I was the only photographer in the theater. That was the best part. I didn’t have to worry about interfering with anyone else’s viewpoint as I moved across the front of the stage, finding the best angles. More important, no photographer got in my way. At one point in the dance, the two performers were center stage, not only moving with each other but dancing with and dodging away from a giant plumb bob. I sat on the floor only a few feet from the dancers, watching the pendulum movement of the plumb bob, trying to catch it flying among the two dancers as they danced and rolled across the stage. I realized at one point I was inching closer to the performance, actually moving on to the performance area. I had become entranced by what I was seeing in the viewfinder. I almost forgot where I was. This often happens to me during a studio rehearsal where it doesn’t matter if I step on the floor (as long as I don’t crash into a dancer). It’s never happened before during a dress rehearsal. That is never in real life. It has happened in my dreams. It’s the way of the black box theater. There are no walls, no ceiling or floor. A suspension of space.
I began this essay determined to write about the reasons I prefer to photograph dance close up and not full body – why I don’t care about jumps or dancers’ feet. I imagine the explanation would have been impossible without discussing my beginnings or my newfound passion. The truth is, I’m not really a dance photographer. I am a photographer of dancers. I’ve always been afraid to say that in public, fearful what a dance company might think. Why would they let a photographer in to shoot their rehearsals if he doesn’t love shooting dance? It’s a good question and I do know the answer.
I photographs dancers for the exact same reason a choreographer chooses a dancer to join their company or perform in a certain piece. Each dancer brings with them a certain quality – their heart and soul. It ‘s an essence you can see and feel the second each dancer walks into the room. When I dancer comes to my studio for the first time for an audition or portrait I know the moment I open the door if they are right for my photography. I don’t need to see them move. I don’t need to hear them say a word. It’s all in their face and how they hold their body. I’ve been told that Paul Taylor can tell everything about a person by watching the way they walk. I’m sure he can. It’s the same thing.
Photographing Sonya Tayeh’s dancers in the rehearsal studio last week was a new beginning. In some ways I owe this to choreographers Caitlin Trainor and Nadine Bommer. I’ve worked closely with Caitlin for a few years and just began working with Nadine and her dancers. During rehearsals, both choreographers allow me to photograph any way I choose during the rehearsals. They put no restrictions on where I stand. Nadine seems to prefer it if I’m photographing among her dancers. After the my first rehearsal with the company I joked that I was surprised I nicked a dancer only one time. Nadine quickly correctly me. “Twice she said. You were kicked by one dancer on the floor.” She was right. I didn’t count the dancer moving on the floor. I figured I was like the wall – something to be used for a push-off.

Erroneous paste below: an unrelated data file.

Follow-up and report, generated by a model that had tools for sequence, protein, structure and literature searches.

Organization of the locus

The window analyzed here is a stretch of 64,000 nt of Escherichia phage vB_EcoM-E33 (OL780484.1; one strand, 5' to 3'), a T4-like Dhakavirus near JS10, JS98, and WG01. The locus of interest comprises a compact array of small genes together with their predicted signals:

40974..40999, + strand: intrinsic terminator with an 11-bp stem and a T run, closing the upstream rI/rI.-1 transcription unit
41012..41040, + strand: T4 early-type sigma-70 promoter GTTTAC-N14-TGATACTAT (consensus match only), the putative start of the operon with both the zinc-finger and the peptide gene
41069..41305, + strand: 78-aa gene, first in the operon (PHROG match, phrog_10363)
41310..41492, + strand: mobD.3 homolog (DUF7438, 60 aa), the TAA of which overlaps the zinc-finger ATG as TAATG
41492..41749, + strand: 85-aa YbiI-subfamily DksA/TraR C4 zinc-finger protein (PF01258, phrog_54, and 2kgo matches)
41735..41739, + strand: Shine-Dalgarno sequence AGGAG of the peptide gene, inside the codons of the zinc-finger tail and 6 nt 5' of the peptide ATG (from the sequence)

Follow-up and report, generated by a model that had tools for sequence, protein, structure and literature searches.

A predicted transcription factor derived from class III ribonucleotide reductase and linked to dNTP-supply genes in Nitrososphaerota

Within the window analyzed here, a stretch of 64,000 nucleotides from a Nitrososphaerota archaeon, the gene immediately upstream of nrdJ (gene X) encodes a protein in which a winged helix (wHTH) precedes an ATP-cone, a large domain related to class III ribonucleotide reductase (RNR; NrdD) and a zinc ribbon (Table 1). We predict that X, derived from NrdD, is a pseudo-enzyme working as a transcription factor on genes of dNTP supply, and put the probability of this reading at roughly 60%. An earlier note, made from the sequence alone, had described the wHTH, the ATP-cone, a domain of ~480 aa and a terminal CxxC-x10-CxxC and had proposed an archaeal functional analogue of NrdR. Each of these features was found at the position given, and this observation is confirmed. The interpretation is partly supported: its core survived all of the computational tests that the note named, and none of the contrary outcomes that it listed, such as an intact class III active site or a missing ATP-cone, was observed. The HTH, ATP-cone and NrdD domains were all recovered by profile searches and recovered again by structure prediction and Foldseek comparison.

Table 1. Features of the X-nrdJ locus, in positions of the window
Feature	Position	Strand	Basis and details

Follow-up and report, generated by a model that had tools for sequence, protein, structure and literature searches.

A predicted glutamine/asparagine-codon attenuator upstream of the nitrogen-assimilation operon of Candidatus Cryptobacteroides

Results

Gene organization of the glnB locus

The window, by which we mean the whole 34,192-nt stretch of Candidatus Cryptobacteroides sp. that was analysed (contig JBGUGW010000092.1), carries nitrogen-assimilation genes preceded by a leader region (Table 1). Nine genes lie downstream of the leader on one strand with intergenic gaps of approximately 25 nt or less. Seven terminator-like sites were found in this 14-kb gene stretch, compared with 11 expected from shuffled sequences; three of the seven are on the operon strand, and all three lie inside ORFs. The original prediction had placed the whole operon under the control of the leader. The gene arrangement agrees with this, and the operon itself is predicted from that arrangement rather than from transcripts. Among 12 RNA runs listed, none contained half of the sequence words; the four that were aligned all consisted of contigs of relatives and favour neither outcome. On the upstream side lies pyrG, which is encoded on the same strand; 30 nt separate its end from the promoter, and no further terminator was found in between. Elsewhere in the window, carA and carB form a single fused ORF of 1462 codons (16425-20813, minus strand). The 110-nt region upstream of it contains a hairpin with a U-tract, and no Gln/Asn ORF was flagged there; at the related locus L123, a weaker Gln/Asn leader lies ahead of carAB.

I couldn’t be quite as aggressive on the studio floor at Sonya’s rehearsal. The space was smaller and there were more dancers. I mostly stuck to the front of the studio but never backed down as the dancers flew by inches from the camera. As I learned the choreography I moved closer. I couldn’t tell what Sonya thought about my presence. Honestly, for most of the rehearsal I couldn’t tell what the dancers thought. It was only during a break, when I showed the dancers some of the photos, did I realize they somehow understood what I needed. By the end I became brave, hovering over the dancers when they moved in one place on the floor. There is a moment in the dance where each time it was rehearsed, Maddy Wright was slowly moving on the floor near my feet. The first few times I was afraid to get close enough for the proper angle. Finally I couldn’t live without getting the shot I needed and stood above her, close enough to feel her shirt brush against me as she moved. It seemed like I was over her for a long time. The light was beautiful. I was captivated by the subtle emotion in her hand and face. I stood there long enough to compose my shot and have time to think about the feelings I had. It was similar to the way I felt while shooting for my Intimate Portrait series. So simple but at the same tiime emotional and beautiful. I knew this was a process I had to continue.
I wasn’t sure what Sonya would think when I began posting images from her rehearsal. The first was a close-up of two intertwined dancers. I love the pictures so much but would Sonya feel it didn’t show her choreography? Later on I noticed a message on my Facebook dance page. It was from Sonya. For whatever reason I expected something negative. I can’t help it. That’s the way I am.
“Paul. The photos are so exquisite! Thank you so much.” And later, “You are a genius. The pictures are wonderful.” Oh god! Blush blush. It does make me feel great when people I photograph love my work but it is sometimes difficult for me to hear. The dancers are amazing. How would it be possible for me to take pictures that were anything but special!
I’m working with Sonya again in a few days. I can’t wait. I know this time both Sonya and the dancers will be more comfortable with my presence. I will be ready to capture the images I missed the first time. I understand the choreography and will likely move farther on to the dance floor, closer to the dancers. It will be interesting to see what I get. Will it feel more intimate?
I feel the need to go back and forth between Sonya and Nadine’s studios for the rest of the year, concentrating on both of the companies, getting to know their dancers better. My goal is to do portraits for my Intimate series with every dancer from Nadine Bommer’s company. I have already photographed one dancer, Katie Mattar. There was an instant connection between the two of us. She is why I am photographing Nadine’s company. There is something special inside of Katie. I feel that way about all of Nadine’s dancers. I have done two group Intimate shoots with Caitlin Trainor’s dancers. It is probably something I should do with Nadine’s company. It could easily take my Intimate Portrait project to a new level.
No matter what is in my future, I am realizing a new vision. After 35 years, my dance and portrait photography are merging into one cohesive portfolio, the dance and portrait photographs quickly becoming one. The only difference between the two is their location – home and rehearsal studio. The intimate emotions of the dancers now match in both situations. This is my goal.